Cambridge, MA. Today was an auspicious day at Harvard Divinity School. It was not only our Convocation, the formal opening of the new academic year, but also, at the start of 2015-16, a step closer to the actual bicentennial of the School. It was also an occasion to celebrate the 50 years that Harvey G. Cox, the most well known of our professors, has taught at the School, enacting a remarkable career in writing and teaching and public presence. His address, “The Babylonian Captivity of Theology” was a masterful recollection of theology at the Divinity School and as part of American culture over the past two hundred years, as it moved from center stage to either a merely peripheral or properly countercultural and prophetic position, shifting by a one-time pattern or in a recurrent movement. (Take your pick!) Grounding the event was a reading from the prophet Isaiah, which reads in part, “Is it not sharing your bread with the hungry, bringing the afflicted and the homeless into your house; clothing the naked when you see them, and not turning your back on your own flesh? Then your light shall break forth like the dawn, and your wound shall quickly be healed; your vindication shall go before you, and the glory of the Lord shall be your rear guard.” (Isaiah 58.7-8) Tough words for any of us, perhaps especially in this place of privilege, Harvard University. If anything, Professor Cox’s reflection compels us also to look to the future, asking ourselves what theology — faith seeking understanding — shall become in the next decades. When was theology truly prophetic and provocative at Harvard? What is the truth of theology - in one tradition or in many - that is strong enough to insist on being heard in today's educational marketplace?
Looking around during the Convocation reminded me again, now in my 11th year at Harvard, how very diverse the School is, religiously and interreligiously. There’ll be no simple, straighforward theology here. A look at our course listings will show you just how diverse the interests of our faculty are — and how diverse our students must be that support such courses by their attendance. By a pattern that seems to increase every year, students of many traditions and cultures and languages and ages have gathered together for another year of study and conversation and service in the School and in the wider community.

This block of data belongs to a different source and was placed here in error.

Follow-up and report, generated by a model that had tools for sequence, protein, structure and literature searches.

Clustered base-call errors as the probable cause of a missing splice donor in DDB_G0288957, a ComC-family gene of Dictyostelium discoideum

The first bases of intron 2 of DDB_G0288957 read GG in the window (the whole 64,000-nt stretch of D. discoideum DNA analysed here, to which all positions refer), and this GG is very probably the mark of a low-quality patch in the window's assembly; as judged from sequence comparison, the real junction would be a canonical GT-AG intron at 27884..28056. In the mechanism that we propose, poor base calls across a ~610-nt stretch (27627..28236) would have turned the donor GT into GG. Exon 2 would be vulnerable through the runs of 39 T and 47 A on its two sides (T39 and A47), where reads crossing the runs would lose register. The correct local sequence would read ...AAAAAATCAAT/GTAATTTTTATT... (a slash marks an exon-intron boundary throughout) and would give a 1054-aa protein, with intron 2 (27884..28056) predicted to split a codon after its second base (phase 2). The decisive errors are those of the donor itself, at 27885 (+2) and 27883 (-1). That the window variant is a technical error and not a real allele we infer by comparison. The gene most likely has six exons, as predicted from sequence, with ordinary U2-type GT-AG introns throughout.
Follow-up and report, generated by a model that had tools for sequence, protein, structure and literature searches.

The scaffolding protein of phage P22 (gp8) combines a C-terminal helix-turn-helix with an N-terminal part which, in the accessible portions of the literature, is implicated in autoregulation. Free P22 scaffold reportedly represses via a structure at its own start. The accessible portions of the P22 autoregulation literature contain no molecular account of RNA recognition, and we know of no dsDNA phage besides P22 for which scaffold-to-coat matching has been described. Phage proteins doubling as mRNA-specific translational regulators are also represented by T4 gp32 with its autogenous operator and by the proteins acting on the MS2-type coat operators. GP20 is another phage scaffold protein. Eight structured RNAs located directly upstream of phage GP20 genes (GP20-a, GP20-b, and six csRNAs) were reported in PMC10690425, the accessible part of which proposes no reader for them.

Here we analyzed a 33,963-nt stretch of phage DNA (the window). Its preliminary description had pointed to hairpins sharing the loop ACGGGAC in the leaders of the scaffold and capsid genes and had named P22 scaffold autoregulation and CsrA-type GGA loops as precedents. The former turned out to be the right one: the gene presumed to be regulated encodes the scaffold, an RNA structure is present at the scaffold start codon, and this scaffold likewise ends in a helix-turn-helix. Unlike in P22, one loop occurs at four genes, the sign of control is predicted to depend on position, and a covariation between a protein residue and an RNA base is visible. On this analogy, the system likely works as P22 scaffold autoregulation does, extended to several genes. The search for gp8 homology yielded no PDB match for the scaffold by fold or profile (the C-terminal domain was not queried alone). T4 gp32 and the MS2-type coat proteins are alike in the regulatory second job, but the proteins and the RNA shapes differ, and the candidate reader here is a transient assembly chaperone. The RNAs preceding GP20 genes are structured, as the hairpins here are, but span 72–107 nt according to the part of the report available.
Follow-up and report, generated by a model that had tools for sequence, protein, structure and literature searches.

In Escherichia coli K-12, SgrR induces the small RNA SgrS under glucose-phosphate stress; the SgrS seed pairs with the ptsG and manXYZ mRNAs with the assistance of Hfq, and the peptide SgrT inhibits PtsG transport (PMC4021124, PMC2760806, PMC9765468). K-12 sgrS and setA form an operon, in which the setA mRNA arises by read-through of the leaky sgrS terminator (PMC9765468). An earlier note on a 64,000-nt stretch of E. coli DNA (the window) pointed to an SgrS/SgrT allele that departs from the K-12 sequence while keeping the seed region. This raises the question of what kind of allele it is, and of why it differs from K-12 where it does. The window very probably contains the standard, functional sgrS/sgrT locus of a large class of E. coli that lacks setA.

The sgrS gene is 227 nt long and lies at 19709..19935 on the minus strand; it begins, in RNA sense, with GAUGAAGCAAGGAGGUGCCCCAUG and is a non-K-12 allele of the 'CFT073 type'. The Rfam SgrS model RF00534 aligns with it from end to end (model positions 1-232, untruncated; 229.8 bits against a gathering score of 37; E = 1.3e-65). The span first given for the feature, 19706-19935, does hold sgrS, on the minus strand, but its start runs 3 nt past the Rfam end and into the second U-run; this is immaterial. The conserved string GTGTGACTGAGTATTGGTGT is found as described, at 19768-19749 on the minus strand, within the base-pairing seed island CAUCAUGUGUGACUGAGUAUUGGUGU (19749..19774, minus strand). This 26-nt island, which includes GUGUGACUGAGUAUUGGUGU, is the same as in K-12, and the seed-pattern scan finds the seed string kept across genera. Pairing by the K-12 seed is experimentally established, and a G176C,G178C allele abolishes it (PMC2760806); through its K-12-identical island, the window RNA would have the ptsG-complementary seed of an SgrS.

But this post is mainly to draw your attention to a smaller scale venture, namely the residential community of the Center for the Study of World Religions. The community members are, and some of us on the staff, are pictured in the photograph accompanying this post. This is the group of seventeen students and one professor (plus some spouses and partners, and one child) living this year at the Center, for their studies and research and writing. While this is indeed a relatively small group, with just over 20 members, it is also richly diverse. We have students from around the United States, from Jordan and Palestine, India and Japan and South Korea, the Republics of Georgia and Iran. Some are doctoral students in a range of fields from Religion in Africa to a comparative study in Catholic and Islamic Theology, to Religion and the Environment and Yoga Studies. Others are students in the two-year general MTS degree, and some are studying in the three-year MDiv, a ministerial degree. We have Hindus and Buddhists, Muslims, and Christians of a number of communities, and some of still more complex identities. This year’s sole professor is a scholar (in ethnomusicology) from the Philippines.
Thus the Center becomes the site of an intentional community of a most interesting kind. The members learn from one another, of course, in our weekly Wednesday evening conversations, and in all the casual encounters of daily life, both among those sharing two bedroom and three bedroom apartments, on the verandas and in study areas. There is a prominent meditation room in the front of the building, and residents likewise take advantage of this holy space for private and shared meditations. The Center residents, though diverse in background and interests, form a regular, neighborly and consistent community. It is first of all beneficial to its own members, but for that reason also a precious resource for the Divinity School.
Indeed, as I stress each year at our orientation, this is a community with a mission: to show hospitality to the wider Divinity School community; to draw that wider and more disparate group together in creative intellectual and spiritual exchanges; and by resident-inspired programming (this year in three fields: comparative theology, religion and business, and religion and gender in Korea and Japan), to contribute a certain depth to the mission of the School in educating religious leaders for the future.
I can add that from year to year this is a most enjoyable community to know and to an extent share (I am around a lot, but live at the Jesuit house two blocks away) at many a meal and party. It is, in the end, a great experiment in crosscultural and interreligious living and learning in the midst of the still broader, more eclectic flow of the School itself. The great themes and currents of 200 years, 50 years, 1 year, merge again and again in our living communities, particularly the Center. And - to connect to where I started - for Professor Cox's insights to remain true, and theology to preserve its provocative edge even at Harvard, there needs to be intellectual/spiritual community on campus. The Center's community, at the Divinity School, at the University, is a most apt and hopeful source for this intellectual/spiritual (and theological) energy, prophecy and provocation.
As always, if you live in the Boston/Cambridge area, please feel invited to our events, advertised at our website. You will have a chance then too to meet some of the residents in our most interesting community.